DALLAS (CBSNewsTexas.com) — In honor of Wrongful Conviction Day, UNT Dallas hosted its inaugural event to highlight those who have their freedom but to also keep educating people on the work still needed to be done within the justice system.
On Monday, men who have been wrongfully convicted united at the Dallas campus, where they shared their feelings of pain and also inspiration. Together, they are working with the university's law department to recognize those who are still fighting.
"So, now I'm standing in front of the camera in the same space but in a different phase of life," one of the exonerated men in attendance, Richard Miles, said.
Miles was full of emotions while sharing his story and hopes to help others.
He went to prison at the age of 19 for a murder he did not commit in 1995.
"It was not a guarantee that you walk out, but you can maintain the one thing that makes you whole and that's innocence," Miles said.
He was released in 2009 but said he couldn't do much until speaking truth helped declare him innocent in 2012.
"I've enjoyed both releases and the obtaining of freedom and just after that, I think society should just understand what we go through," Miles said.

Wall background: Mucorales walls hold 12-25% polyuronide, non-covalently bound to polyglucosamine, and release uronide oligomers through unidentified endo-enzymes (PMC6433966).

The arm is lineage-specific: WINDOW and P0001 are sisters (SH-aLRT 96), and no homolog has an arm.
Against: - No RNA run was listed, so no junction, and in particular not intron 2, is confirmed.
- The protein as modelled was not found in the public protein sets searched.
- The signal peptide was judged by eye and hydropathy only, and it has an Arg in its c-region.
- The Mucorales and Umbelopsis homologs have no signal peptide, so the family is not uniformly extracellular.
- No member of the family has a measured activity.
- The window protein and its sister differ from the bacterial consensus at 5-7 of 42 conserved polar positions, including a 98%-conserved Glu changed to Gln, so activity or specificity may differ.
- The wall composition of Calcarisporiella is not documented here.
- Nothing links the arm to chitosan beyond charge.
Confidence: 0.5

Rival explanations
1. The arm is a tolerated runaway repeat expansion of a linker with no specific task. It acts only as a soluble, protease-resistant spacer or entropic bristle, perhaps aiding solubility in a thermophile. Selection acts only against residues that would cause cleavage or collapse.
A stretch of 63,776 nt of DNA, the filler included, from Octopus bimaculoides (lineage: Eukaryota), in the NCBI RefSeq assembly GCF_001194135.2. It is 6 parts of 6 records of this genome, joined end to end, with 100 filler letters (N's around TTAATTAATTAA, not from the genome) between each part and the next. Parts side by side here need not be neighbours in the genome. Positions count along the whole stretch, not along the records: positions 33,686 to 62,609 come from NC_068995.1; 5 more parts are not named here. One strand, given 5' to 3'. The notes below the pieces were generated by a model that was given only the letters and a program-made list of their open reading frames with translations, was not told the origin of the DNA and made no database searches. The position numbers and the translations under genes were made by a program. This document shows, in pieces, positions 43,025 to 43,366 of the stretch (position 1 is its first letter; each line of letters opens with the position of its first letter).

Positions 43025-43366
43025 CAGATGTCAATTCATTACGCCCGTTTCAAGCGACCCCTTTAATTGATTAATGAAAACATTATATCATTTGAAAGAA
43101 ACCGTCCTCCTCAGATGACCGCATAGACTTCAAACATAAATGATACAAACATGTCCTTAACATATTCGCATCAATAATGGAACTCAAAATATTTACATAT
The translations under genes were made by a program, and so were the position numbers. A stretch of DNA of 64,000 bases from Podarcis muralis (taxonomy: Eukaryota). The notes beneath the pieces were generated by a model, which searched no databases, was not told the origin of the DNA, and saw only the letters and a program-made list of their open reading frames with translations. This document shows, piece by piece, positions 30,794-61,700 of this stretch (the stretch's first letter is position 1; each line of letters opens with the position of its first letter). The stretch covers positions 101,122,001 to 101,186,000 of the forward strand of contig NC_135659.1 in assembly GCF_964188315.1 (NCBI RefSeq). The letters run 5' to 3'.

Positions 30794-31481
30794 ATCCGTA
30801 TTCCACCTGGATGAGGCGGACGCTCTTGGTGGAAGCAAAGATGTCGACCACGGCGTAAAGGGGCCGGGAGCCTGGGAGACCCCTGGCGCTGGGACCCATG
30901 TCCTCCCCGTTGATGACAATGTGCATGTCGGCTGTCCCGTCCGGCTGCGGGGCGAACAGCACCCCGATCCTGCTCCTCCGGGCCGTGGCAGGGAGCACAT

People listened as Miles and seven other men who were exonerated shared their stories along with the staff working some of these cases. These efforts are with the Joyce Ann Brown Innocence Program, where the university investigates claims of wrongful conviction by Texas inmates.
"We're hoping to spotlight the fact that we've got to get it right. Lawyers particularly, prosecutors and defense lawyers were the gatekeepers," said Cheryl Wattley, professor and director of the Joyce Ann Brown Innocence Clinic.
Wattley helped Miles after meeting him in 2007, when she was called to help with his case. Later, they were able to petition his release for actual innocence.
"We need to recognize that we've caused them harm and hold them up and lift them up," Wattley said.
There are currently an estimated 3,000 to 9,000 Texans serving sentences due to wrongful convictions, according to UNT Dallas. This team of people hopes to continue to help others.
"It's only so much that we as Dallas exonerees can do to amplify the message of wrongful incarcerations and exonerations," Miles said. "I'm emotionally excited."
Eight men who were wrongfully convicted, along with their relatives, joined the celebration of obtaining freedom and justice.
Following the program, they also took a moment to host a candlelight vigil to honor those who are still fighting to prove their innocence.
Meanwhile, Miles continues his work of 14 years since being released with his own program, Miles of Freedom, which helps others who are exonerated transition into life outside of jail.
"I went in at 19 and walked out of prison at 34—life had changed. And if I go through this here in the back of my mind, every person coming home from prison experiences the same thing," he said.
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